Threadbare sack containing a few lumps of coal delivered down chimney of George Coles Building
The 12 meager sitting days of the P.E.I. legislature’s pre-Christmas session can only be described as underwhelming. It seemed that a threadbare sack containing a few lumps of coal was delivered down the chimney of the George Coles Building.
Premier Wade MacLauchlan had promised a robust fall sitting but after a brief session that somehow miraculously stretched over four weeks, his government was anxious to prematurely shut things down by end of day Wednesday.
There was a lively and important debate still underway over amendments covering government loan write-offs when the premier stepped in to bring the session to a close. The Opposition raised key questions about critical flaws in that legislation. Vague language and too much discretion about exemptions and other issues raised concerns on the Opposition benches and they pressed home the debate.
It was perhaps the finest hour for the Opposition as it forced the government to back away from what it thought was going to be routine passage of the amendments, while waiting impatiently for the arrival of Lt.-Gov. J. Frank Lewis to give royal assent.
The Opposition was willing to keep the session going for another two days this week and quite likely into next but Mr. MacLauchlan closed debate and left the contentious bill still on the order paper until the spring sitting. This way, it will eventually get a thorough discussion.
It was a major victory for the Opposition while a chagrined premier headed to Paris for the United Nations climate change conference without being distracted by the fall session continuing without him.
The government could easily have allowed the House to continue for several more days to get those amendments properly debated and changed. Other bills also died on the order paper in the government’s unusual haste to bring the session to a close.
The premier tried to put a brave face on the fall sitting, citing accomplishments such as the passage of 26 bills, a capital budget and the report of the committee on electoral reform. But the majority of the bills were for minor housekeeping and amendment issues, the bare-boned $79 million capital budget will likely be revised once federal infrastructure dollars come on stream and the all-party committee on electoral reform didn’t produce the key question for a plebiscite - now pushed back until a year from now.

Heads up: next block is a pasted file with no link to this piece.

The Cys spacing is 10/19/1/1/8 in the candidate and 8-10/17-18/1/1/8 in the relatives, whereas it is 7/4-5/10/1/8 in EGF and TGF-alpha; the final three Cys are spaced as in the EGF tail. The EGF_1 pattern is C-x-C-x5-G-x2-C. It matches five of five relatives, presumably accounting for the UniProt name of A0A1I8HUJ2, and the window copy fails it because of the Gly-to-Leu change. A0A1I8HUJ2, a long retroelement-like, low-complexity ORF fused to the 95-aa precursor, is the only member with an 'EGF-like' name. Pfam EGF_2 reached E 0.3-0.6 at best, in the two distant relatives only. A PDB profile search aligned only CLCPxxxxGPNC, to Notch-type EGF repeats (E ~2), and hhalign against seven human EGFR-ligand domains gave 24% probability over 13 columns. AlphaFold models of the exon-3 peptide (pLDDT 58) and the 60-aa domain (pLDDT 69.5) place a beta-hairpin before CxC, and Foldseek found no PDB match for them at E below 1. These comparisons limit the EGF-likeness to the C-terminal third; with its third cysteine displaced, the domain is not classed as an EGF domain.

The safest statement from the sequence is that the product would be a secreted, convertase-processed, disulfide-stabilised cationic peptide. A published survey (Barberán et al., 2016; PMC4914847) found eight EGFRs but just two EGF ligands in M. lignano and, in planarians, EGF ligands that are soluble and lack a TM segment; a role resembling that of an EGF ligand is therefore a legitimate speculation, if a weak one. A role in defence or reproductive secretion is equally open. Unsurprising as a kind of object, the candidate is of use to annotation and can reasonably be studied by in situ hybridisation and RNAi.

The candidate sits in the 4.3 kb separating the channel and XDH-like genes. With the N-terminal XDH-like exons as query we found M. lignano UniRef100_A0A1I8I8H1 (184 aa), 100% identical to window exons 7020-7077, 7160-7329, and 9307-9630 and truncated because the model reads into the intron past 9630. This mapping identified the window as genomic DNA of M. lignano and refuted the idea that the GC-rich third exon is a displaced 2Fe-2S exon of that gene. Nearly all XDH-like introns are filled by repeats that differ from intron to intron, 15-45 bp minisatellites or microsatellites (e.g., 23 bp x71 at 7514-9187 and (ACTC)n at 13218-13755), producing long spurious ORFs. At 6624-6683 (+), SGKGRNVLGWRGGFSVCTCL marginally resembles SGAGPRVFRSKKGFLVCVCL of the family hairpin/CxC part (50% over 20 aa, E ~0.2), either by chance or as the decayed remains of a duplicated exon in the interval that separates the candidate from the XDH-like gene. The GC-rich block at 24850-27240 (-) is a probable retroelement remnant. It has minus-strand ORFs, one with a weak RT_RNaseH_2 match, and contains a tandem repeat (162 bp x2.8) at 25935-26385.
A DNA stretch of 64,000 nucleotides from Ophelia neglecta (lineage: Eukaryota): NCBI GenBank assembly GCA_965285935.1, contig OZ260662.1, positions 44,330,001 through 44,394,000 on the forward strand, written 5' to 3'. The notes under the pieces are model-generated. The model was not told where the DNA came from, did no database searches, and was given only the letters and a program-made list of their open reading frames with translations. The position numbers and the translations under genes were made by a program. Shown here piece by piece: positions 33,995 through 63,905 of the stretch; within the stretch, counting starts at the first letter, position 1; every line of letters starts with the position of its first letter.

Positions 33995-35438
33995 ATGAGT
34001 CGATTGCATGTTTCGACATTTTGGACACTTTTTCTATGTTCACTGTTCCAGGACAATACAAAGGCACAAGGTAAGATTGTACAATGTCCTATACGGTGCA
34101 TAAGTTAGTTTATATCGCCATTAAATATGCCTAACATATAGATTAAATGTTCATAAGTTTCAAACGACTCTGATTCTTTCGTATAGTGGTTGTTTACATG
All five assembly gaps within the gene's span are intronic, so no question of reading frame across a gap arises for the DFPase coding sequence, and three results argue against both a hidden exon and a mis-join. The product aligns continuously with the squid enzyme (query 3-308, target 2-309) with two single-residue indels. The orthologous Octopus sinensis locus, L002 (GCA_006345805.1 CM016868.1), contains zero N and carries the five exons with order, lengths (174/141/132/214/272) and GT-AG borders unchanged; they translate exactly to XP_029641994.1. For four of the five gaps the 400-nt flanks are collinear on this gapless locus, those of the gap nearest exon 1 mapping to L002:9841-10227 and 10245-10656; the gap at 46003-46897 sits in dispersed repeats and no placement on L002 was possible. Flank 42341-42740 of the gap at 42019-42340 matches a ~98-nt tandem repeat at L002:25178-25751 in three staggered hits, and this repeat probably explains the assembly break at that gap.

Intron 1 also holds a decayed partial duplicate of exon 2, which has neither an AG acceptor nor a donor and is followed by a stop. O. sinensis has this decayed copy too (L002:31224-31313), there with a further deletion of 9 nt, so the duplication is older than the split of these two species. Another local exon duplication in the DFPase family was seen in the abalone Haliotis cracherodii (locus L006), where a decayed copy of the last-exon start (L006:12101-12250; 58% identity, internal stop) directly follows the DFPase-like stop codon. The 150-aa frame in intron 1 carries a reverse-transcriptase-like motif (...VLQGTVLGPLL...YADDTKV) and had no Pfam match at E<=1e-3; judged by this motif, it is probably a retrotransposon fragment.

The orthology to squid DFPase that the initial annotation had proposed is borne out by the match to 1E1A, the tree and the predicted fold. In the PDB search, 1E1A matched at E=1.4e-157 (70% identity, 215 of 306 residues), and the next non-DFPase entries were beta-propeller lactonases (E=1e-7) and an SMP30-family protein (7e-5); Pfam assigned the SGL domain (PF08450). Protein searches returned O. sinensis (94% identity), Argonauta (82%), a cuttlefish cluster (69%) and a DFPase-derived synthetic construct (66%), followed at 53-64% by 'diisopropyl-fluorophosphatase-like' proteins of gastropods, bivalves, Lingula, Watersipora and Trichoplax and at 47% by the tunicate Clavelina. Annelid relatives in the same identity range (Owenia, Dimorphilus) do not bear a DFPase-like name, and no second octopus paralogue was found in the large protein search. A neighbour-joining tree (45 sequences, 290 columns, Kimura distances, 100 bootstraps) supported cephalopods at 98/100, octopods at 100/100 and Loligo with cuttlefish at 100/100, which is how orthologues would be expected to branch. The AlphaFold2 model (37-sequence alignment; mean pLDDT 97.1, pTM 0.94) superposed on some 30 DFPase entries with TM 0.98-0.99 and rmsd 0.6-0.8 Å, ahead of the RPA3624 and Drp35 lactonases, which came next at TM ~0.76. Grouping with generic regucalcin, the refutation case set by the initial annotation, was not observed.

Revisions to the School Act calling for a collaborative approach to help students achieve excellence seems to be a work in progress because few people are sure exactly what the changes are or will mean.
On some issues, the government did appear willing to try to work with the Opposition. But on others, not so much, as the government shut down Opposition calls for an infrastructure summit and defeated a motion to keep a ring rot spray program going while discussions restarted.
Government stonewalled on providing details for the $950,000 loan to fund its ill-fated e-gaming initiatives. It hid behind the excuse that the auditor general is still conducting her investigation.
Opposition Leader Jamie Fox was right in pointing out that P.E.I. taxpayers wanted to keep the session going, have issues brought forward and keep questioning government on e-gaming. Mr. Fox did a very effective job in his first session as new leader.
Green Leader Peter Bevan-Baker was successful in having his private member’s bill looking to measure the well being of Islanders sent to a standing committee for further review. The intriguing bill drew a lot of favourable public comment.
This session lasted just two days longer than the abbreviated sitting last fall, intentionally shut down early following the startling resignation announcement from Premier Robert Ghiz. The PCs were anxious to get started with their leadership convention while the Liberals were eager to select a new leader and launch a premature spring election.
So what’s the excuse this time?